Bishop Azariah lived for a time in a tent near his new cathedral, but spent most of his episcopate traveling across his vast diocese by bullock cart or bicycle, usually accompanied by his wife and coworker, Anbu. His village sermons often attacked “the four demons – Dirt

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, Disease, Debt, and Drink toothpaste dispenser philippines.”[citation needed] He proved the most successful leader of grassroots conversions to Christianity in South Asia during the early twentieth century. Known by the affectionate honorific Thandrigaru (“father”), Azariah inspired mass movements that brought roughly 200,000 outcast Malas and Madigas, tribals and low-caste non-Brahmins into his fledgling church. He also established a school to educate girls, later renamed for him. By 1924, the Diocese of Dornakal had 8 English-born priests and 53 Indian clergy. By 1935 rolling meat tenderizer tool, his diocese had 250 ordained Indian clergy and over 2,000 village teachers, plus medical clinics, cooperative societies, and printing presses.[citation needed]

The bishop became both an ally and leading foe of M.K. Gandhi during battles over communal representation and religious freedom. While also an Indian nationalist, Azariah believed Hinduism inherently repressive and grounded in a destructive caste system. On the other hand, Gandhi saw conversions to Christianity as a threat.

Bishop Azariah also believed the Church’s mission should express its unity, and thus continued to take a leading role in negotiating to reunite Protestant Christian missions in India. For many years Azariah served as chairman of the National Christian Council of India, Burma and Ceylon.

Rt. Rev. Azariah became the first, and remained the only native Indian bishop of an Anglican diocese from 1912 until his death in 1945. In 1920, Cambridge University awarded him an honorary degree. As both an effective evangelist to Indian villagers and a respected bishop in the British church hierarchy, Azariah provided a unique bridge between ordinary Indians and British elites during the late phase of their imperial associations. He was especially popular in rural Andhra Pradesh, an esteemed builder of Protestant unification within India, and a pioneer of the ecumenical movement globally.

With Bishop Henry Whitehead, Bishop Vedanayagam Azariah wrote Christ in the Indian Villages (1930). The previous year, he published two articles in the “International Review of Missions”. In 1936 V.S. Azariah published India and the Christian Movement and South India Union: an Examination of the Scheme from the Anglican Point of View as well as The Church and Evangelism: Being Studies on the Evangelization of India Based on Early Church History. His most popular book, Christian Giving (1940), was subsequently translated into more than 15 languages, although not yet freely available online. Azariah also wrote articles on Christian mission, such as ‘The Necessity of Christian Unity for the missionary enterprise of the world’ and ‘The Expansion of Christianity’, as well as published a number of works in his native Tamil as well as Telugu.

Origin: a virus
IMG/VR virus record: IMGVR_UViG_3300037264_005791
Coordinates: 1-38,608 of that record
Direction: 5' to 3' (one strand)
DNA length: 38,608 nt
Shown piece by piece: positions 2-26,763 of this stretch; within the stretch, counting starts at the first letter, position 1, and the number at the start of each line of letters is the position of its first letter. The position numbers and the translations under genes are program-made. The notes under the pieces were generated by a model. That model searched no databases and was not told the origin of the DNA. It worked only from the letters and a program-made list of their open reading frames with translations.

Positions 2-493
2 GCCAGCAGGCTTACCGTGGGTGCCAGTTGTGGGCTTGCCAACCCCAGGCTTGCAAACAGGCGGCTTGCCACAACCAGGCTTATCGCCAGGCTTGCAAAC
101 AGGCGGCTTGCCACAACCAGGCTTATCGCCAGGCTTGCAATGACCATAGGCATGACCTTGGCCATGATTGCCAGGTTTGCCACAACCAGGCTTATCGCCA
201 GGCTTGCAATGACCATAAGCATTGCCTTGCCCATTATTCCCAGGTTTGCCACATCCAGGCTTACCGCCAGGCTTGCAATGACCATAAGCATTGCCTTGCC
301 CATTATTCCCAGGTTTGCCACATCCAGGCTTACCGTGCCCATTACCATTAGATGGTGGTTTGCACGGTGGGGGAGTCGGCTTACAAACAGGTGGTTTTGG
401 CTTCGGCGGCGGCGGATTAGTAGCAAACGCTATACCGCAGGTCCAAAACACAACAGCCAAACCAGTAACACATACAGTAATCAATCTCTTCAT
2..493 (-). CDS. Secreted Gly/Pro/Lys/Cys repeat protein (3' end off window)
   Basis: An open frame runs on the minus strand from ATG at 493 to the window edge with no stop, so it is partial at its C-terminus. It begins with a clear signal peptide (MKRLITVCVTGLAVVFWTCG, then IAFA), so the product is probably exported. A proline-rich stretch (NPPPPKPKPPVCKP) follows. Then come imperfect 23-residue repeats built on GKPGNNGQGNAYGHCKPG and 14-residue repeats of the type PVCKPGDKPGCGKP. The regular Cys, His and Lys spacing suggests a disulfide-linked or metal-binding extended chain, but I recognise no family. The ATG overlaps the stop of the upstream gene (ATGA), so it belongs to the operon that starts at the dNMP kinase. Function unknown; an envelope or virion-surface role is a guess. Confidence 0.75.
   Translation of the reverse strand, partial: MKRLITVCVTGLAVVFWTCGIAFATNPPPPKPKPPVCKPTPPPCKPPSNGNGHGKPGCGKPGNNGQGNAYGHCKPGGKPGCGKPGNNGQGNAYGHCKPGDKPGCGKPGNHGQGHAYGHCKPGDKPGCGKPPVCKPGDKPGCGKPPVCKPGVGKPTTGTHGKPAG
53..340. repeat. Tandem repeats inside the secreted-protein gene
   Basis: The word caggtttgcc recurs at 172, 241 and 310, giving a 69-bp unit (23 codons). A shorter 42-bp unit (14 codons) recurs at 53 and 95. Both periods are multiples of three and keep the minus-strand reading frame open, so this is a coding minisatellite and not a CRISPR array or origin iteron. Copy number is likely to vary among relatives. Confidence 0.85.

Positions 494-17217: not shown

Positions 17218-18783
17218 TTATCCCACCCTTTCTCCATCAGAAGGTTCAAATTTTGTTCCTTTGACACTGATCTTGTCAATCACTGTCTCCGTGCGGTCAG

Bishop Azariah died on 1 January 1945 in Dornakal. Two years later, one of his dreams was realized, and a united Church of South India was formed, for the first time unifying an episcopal church (Anglican) with non-episcopal churches (Congregational, Presbyterian, Methodist) since the Reformation.

The diocese’s only college, Bishop Azariah College in Dornakal, is also named for him and educated both Christians and non-Christians. The girls’ school which he established was also renamed in his honor. The secondary school in his native Vellalanvilai is also now named in his honor.

Alexander Street Baptist Church

Alexander Street Baptist Church was a Baptist church in Toronto, Canada located on the south side of Alexander Street between Yonge and Church streets. The congregation was founded in 1866 and the church building, designed by Henry Langley, was completed the following year. When the congregation relocated in 1888, it was sold to the Anglican Church and eventually demolished in the mid-1950s.

Alexander Street Baptist Church was founded in October 1866 (1866-10) by about 20 members from Bond Street Baptist Church. Alexander Street was the first congregation of what was to be many Baptist congregations formed in the next 40–50 years within Toronto from the original Bond Street congregation. The church building, designed in the Gothic Revival style by the architectural firm of Thomas Gundry and Henry Langley, was completed in 1867 and seated 480 people. The $10,500 cost of its construction was largely met by a donation from Thomas Laily who owned a wholesale clothing business in Toronto bottled water glass bottles. Laily was also a major contributor to the church’s running expenses over the years.

George McNutt (1867) was the first pastor of Alexander Street Baptist Church